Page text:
Gulwali Passarlay

20161129_130228Yesterday I attended the NNECL National Network for the Education of Care Leavers conference at the University of the West of England (UWE). NNECL was established in June 2013 by higher education institutions and national organisations committed to the progression and support of Care Leavers in higher education.

I knew that Care Leaver author, Gulwali Passarlay who wrote The Lightless Sky, was attending the event as we had already made contact via Twitter. As soon as I saw he had arrived, I went over to introduce myself.

Gulwali shook my hand and said how pleased he was to meet me, because I am a writer. I felt very moved and said, no no, you are the writer! He is a fireball of enthusiasm and passion and when I suggested we do an impromptu interview, he agreed. I’m very pleased to welcome him to the blog today.


Gulwali Passarlay’s memoir is about how he was sent away from Afghanistan at the age of twelve, after his father was killed in a gun battle with the US Army. Smuggled into Iran, Gulwali began a twelve month odyssey across Europe, spending time in prisons, suffering hunger, making a terrifying journey across the Mediterranean in a tiny boat, and enduring a desolate month in the camp at Calais. Somehow he survived, and made it to Britain, no longer an innocent child but still a young boy alone. In Britain he was fostered, sent to a good school, won a place at a top university, and was chosen to carry the Olympic torch in 2012.

The Lightless Sky is a heart-rending read that illuminates the plight of unaccompanied minors forced to leave their homes and loved ones. [Passarlay’s] fierce intelligence is apparent throughout… His powerful account is a testament to the courage of all those fleeing conflict in search of safety.” – The Independent on Sunday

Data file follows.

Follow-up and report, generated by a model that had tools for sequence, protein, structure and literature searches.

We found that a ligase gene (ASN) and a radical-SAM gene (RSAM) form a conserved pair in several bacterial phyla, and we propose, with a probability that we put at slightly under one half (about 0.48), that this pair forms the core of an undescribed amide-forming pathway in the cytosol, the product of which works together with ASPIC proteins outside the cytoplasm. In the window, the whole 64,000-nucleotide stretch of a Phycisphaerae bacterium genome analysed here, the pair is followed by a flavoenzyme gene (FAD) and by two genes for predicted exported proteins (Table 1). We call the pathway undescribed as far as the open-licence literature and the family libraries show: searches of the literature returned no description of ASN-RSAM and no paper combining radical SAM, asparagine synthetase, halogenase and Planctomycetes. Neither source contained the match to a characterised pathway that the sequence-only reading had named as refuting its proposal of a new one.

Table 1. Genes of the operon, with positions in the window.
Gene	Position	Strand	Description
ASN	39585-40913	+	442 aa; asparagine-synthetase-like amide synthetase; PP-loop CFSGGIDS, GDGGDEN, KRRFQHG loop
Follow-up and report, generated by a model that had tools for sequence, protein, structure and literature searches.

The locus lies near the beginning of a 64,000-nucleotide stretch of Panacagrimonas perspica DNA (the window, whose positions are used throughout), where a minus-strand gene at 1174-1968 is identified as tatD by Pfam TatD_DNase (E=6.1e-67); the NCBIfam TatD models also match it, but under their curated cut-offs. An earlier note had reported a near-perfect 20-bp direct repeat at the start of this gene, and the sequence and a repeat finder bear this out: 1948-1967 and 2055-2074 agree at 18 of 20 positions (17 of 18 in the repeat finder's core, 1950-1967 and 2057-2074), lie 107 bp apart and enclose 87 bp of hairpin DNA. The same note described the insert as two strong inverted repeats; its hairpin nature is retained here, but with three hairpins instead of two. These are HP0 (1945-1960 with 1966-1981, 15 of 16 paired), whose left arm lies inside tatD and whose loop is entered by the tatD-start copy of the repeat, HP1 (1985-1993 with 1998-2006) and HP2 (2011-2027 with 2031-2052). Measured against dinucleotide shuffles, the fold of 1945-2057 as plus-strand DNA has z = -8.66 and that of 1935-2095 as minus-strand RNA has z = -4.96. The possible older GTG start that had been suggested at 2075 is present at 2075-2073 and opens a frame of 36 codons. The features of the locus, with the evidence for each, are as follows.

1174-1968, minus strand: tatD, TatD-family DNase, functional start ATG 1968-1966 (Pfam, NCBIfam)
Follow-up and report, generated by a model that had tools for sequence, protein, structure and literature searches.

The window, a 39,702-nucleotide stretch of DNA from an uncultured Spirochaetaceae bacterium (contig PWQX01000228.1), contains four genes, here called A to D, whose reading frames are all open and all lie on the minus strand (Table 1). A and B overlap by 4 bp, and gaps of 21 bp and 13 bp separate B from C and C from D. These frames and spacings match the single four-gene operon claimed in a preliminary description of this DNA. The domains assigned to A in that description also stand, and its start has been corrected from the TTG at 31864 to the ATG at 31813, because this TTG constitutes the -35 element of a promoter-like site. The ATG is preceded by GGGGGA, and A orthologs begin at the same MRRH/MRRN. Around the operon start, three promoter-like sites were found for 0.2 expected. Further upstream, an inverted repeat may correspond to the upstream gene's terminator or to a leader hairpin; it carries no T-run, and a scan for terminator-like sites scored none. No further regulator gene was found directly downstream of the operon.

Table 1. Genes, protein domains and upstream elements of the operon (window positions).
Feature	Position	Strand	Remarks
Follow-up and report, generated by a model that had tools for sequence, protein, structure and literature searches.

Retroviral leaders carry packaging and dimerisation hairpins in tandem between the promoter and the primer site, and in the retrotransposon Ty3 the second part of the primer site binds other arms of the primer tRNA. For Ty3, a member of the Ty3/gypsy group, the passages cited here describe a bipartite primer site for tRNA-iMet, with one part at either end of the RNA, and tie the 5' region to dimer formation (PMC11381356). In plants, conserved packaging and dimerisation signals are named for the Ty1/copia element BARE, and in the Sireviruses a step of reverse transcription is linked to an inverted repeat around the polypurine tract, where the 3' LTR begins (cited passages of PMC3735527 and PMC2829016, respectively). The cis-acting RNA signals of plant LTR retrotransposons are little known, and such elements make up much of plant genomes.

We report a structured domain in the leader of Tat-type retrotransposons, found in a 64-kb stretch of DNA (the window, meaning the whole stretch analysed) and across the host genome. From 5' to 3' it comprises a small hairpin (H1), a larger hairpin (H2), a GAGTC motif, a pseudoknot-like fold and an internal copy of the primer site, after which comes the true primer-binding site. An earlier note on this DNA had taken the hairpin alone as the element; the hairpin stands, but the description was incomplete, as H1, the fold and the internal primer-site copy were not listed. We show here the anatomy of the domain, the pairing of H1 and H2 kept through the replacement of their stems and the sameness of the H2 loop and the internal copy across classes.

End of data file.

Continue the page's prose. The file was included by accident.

Gulwali wants to tell his story – to bring to life the plight of the thousands of men, women and children who are making this perilous journey every day. One boy’s experience is the central story of our times. This memoir celebrates the triumph of courage and determination over adversity.

Tell us about the journey of his book:

I never imagined going to university or writing a book. It’s now been published in seven countries and six languages. I had just left foster care and was living on my own. I was in my final year at college studying A levels and was very stressed as I was a refugee and didn’t know if I’d be able to stay in the country.

I had applied to go to Manchester University and also for funding via Article 26, which works with universities to promote access to higher education for people claiming asylum. Three days before my interview I was suddenly granted refugee status which meant I could attend university as an ‘ordinary’ student with ‘home’ fees!